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The Dysfuntional Family

Updated on December 27, 2009

Most families are somewhat dysfunctional

    Years ago someone decided to coin the phrase dysfunctional family.  Of course, noone wanted that term to describe their family.  It meant that there was something wrong with their lives with the way they were living.  With many people, that may of course be the case.  But in truth, how many of us live the life of a "dream family"?  Honestly, who would want to?  To go through everyday with no trials, no conflict of any kind?  It simply isn't possible.

     Each generation has its own set of rules to follow.  What is acceptable in today's world certainly was not acceptable 50 years ago.  The same can be said in the reverse.  For example;  a close knit family in the 1950s might have a well stocked bar in open view of children and indulge in evening drinks without thinking twice about that fact that they were sending a message that alcohol in the daily diet was something positive.  The same can be true for eating habits, smoking and gambling.

   However, in today's world,. parents will read books and earnestly watch their children's diet and keep alcohol out of the view of young eyes so that they grow up knowing it not as a necessity.  This is due to countless studies that are public and readily available to parents today.  But on the negative side, today's parents will allow their children exposure to videos and games that are well above their level of maturity and afford them with expensive non necessities so that children lack appreciation for what they have.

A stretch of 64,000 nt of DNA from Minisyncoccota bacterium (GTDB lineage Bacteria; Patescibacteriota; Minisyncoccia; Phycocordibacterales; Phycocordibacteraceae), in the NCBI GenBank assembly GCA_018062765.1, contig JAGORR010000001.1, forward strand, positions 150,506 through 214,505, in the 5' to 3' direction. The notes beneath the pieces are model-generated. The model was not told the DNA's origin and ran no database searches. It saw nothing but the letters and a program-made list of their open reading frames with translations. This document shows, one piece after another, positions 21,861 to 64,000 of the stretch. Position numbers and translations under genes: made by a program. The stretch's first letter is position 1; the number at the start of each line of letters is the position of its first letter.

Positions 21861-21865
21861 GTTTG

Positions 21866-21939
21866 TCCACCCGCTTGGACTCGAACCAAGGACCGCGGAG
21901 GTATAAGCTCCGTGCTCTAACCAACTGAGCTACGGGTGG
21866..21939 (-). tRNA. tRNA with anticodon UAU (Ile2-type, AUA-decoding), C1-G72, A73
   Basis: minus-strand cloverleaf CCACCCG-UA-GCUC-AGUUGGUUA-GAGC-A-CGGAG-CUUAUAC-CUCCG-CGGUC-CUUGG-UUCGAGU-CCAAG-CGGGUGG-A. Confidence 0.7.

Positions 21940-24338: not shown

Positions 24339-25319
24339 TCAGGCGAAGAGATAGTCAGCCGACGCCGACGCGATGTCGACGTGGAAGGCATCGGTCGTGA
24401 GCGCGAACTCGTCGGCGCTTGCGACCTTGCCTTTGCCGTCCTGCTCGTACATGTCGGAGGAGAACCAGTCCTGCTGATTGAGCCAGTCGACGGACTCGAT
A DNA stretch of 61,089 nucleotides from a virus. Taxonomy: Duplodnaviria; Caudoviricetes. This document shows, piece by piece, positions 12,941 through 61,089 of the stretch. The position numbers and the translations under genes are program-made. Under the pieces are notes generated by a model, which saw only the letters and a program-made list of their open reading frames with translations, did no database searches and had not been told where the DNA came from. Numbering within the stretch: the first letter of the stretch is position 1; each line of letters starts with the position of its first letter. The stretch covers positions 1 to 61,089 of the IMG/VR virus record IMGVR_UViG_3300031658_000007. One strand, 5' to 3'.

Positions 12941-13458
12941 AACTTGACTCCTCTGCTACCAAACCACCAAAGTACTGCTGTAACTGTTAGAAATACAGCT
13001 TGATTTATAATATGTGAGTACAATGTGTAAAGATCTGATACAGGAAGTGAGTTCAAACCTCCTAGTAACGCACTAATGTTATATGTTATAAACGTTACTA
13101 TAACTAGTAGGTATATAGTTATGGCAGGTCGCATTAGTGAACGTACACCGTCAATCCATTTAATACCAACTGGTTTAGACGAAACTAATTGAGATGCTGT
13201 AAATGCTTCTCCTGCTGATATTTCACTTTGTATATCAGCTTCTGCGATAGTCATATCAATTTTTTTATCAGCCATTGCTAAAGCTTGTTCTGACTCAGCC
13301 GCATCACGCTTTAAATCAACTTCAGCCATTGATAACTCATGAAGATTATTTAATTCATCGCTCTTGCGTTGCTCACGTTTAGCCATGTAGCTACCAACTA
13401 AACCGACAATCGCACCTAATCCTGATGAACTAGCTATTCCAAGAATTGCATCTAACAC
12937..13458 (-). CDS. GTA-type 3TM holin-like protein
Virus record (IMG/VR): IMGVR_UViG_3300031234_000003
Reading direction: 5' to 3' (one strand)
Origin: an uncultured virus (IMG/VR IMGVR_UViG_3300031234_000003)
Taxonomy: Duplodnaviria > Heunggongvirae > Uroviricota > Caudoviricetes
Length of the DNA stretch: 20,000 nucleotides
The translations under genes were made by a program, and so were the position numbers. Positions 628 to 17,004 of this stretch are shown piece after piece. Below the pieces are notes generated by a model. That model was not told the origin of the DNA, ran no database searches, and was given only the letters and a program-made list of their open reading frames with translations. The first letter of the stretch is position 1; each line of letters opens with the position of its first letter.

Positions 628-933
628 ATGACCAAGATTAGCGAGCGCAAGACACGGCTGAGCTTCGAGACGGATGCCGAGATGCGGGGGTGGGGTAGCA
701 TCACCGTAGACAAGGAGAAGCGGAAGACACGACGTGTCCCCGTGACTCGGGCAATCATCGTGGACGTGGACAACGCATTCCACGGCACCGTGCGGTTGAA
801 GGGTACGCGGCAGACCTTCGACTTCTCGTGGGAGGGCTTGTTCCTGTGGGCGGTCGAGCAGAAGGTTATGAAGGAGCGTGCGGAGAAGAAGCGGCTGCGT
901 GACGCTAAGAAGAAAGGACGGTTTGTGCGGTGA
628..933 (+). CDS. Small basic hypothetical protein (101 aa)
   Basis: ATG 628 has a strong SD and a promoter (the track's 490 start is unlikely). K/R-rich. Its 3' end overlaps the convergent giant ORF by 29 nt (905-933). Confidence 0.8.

In every book, movie or television show that we see, there is always some sort of conflict in a family.  There is always an alcoholic relative, a substance abuser, a deep dark secret that keeps the rest of the family from fitting in with the rest of the world.  Who are they not fitting in with?  The Brady Bunch?  Even they were dysfunctional.  Jan had middle child syndrome, Cindy had a lisp and they had some issues over the yours, mine and ours family they had built together.  There simply is no model for the perfect family that one should follow,

   What should be done is that families should look at whatever "dysfunction" has been bestowed upon them as a learning tool.  Something that can draw their family closer together and make them aware that we all have weaknesses.  Children can be taught lessons in tolerance.  Families can make themselves stronger by awareness of what can go wrong in life and how it can be worked with and at times even fixed.  Addicts can get help, we are fortunate nowdays that going to a therapist is more than acceptable, it seems to be the norm.

   So as I sit across the table from someone who is very close to me and discuss what happened in his life over the years, he is not angry or sad about the dysfunction.  He loves his family.  He understands that things happen.  People work with the tools they have been given.  They can either sink or swim.  He has chosen to swim and is staying afloat rather well in comparison to the rest of his family.



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